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Raynor's Addition

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Map | Site Description | Architectural Overview | Statement of Significance | Boundary Justification |
Development of the Raynor's Addition Local District | Legal Description

Statement of Significance

Raynor’s Addition Local Historic District is being nominated for its architecture because of the following factors:
 - the district is illustrative of the variety of architectural styles available in residential housing in the early twentieth century;
- and because of the degree to which the structures are intact with a minimum of alterations. Eighty-one percent of all structures in the district are contributing (17 of 21).

The development of Raynor’s Addition Local Historic District, which for the most part took place between 1899 and 1910, mirrors the difficult times as well as the times of progress within the city, the state, and the nation. The neighborhood was a distinctively upper middle class subdivision where members of the community built their family houses. A cross-section of owners of houses in Raynor’s Addition Local Historic District reveal the following occupations:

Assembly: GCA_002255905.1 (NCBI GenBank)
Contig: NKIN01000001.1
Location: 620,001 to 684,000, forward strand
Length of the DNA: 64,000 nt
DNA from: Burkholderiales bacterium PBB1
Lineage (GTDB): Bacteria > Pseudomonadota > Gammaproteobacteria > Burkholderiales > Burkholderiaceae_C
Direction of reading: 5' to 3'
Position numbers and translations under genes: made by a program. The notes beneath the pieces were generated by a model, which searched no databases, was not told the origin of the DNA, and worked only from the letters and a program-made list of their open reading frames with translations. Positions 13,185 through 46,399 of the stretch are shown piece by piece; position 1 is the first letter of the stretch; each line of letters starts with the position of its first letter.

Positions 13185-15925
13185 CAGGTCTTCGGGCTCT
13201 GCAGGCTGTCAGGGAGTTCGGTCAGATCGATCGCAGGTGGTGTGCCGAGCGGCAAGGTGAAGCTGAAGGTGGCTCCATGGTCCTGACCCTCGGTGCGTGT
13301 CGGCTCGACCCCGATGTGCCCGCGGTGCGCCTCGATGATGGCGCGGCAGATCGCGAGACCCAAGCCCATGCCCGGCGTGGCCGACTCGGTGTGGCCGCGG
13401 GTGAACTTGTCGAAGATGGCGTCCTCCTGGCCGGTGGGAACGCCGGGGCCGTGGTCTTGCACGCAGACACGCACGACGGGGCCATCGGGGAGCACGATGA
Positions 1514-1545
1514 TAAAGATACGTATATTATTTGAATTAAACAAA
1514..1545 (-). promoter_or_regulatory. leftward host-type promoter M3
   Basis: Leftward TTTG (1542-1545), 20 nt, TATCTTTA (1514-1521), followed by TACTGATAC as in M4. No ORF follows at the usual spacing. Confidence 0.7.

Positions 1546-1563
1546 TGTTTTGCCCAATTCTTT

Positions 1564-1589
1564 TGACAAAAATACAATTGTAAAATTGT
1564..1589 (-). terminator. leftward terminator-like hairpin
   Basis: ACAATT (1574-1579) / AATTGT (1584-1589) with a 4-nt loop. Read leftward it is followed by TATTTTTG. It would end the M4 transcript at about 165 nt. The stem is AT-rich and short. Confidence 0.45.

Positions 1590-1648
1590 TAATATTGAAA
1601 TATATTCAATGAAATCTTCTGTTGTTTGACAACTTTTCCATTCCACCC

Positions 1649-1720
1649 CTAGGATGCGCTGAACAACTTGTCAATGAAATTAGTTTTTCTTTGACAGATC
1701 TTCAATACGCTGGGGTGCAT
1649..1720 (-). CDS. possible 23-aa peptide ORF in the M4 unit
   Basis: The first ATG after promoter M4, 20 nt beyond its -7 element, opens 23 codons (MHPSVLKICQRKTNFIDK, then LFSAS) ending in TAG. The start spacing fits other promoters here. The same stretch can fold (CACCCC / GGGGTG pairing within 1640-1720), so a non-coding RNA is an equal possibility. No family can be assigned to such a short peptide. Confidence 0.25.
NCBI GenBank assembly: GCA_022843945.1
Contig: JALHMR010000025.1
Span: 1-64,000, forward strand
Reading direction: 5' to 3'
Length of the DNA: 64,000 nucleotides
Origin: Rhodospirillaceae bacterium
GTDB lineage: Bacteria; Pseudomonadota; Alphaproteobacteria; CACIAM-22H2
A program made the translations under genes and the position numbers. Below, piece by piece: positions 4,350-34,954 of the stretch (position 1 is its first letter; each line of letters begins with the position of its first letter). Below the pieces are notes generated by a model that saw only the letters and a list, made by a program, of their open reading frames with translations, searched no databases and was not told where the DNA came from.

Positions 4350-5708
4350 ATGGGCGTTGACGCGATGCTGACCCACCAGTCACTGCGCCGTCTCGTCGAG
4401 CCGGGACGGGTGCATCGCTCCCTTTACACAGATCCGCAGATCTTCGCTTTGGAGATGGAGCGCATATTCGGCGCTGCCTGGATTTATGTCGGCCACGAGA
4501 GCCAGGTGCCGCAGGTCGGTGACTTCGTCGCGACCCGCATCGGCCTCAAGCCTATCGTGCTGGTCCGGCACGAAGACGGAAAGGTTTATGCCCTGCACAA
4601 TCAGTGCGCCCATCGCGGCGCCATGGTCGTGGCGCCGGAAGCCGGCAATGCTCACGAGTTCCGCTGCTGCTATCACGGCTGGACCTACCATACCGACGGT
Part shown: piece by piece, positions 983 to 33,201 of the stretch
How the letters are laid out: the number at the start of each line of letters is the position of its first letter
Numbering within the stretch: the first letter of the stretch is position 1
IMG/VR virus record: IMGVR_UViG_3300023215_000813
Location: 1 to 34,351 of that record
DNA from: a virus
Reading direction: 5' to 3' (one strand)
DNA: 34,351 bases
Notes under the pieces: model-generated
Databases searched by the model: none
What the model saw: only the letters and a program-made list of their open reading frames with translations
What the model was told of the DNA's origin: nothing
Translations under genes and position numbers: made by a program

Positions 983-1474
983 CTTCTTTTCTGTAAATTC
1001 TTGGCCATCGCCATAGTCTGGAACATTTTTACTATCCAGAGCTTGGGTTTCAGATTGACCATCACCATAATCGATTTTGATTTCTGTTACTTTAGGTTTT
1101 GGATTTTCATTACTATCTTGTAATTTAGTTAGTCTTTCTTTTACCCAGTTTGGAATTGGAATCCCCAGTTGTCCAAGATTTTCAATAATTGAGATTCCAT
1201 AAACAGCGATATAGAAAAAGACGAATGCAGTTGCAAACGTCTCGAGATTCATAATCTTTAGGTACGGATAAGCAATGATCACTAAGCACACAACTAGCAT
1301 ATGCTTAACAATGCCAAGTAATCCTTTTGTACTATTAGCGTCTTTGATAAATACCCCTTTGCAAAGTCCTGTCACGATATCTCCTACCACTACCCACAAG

Proprietor of meat market
Superintendent of Joliet High Schools and Junior College
Physician Proprietor of farm machinery dealership

The oldest surviving structure in the district is the Dinet House, circa 1899, at 816 Western Avenue. The Robesson House, built circa 1902, is located at 804 Western Avenue. A house immediately east of the current 811 Western was built circa 1894, and one was built just east of that in circa 1903, but both were demolished (809 in about 1969 and 807 in about 1959). The house at 811 was built circa 1903; 813 was built circa 1904; and several more appear a year later.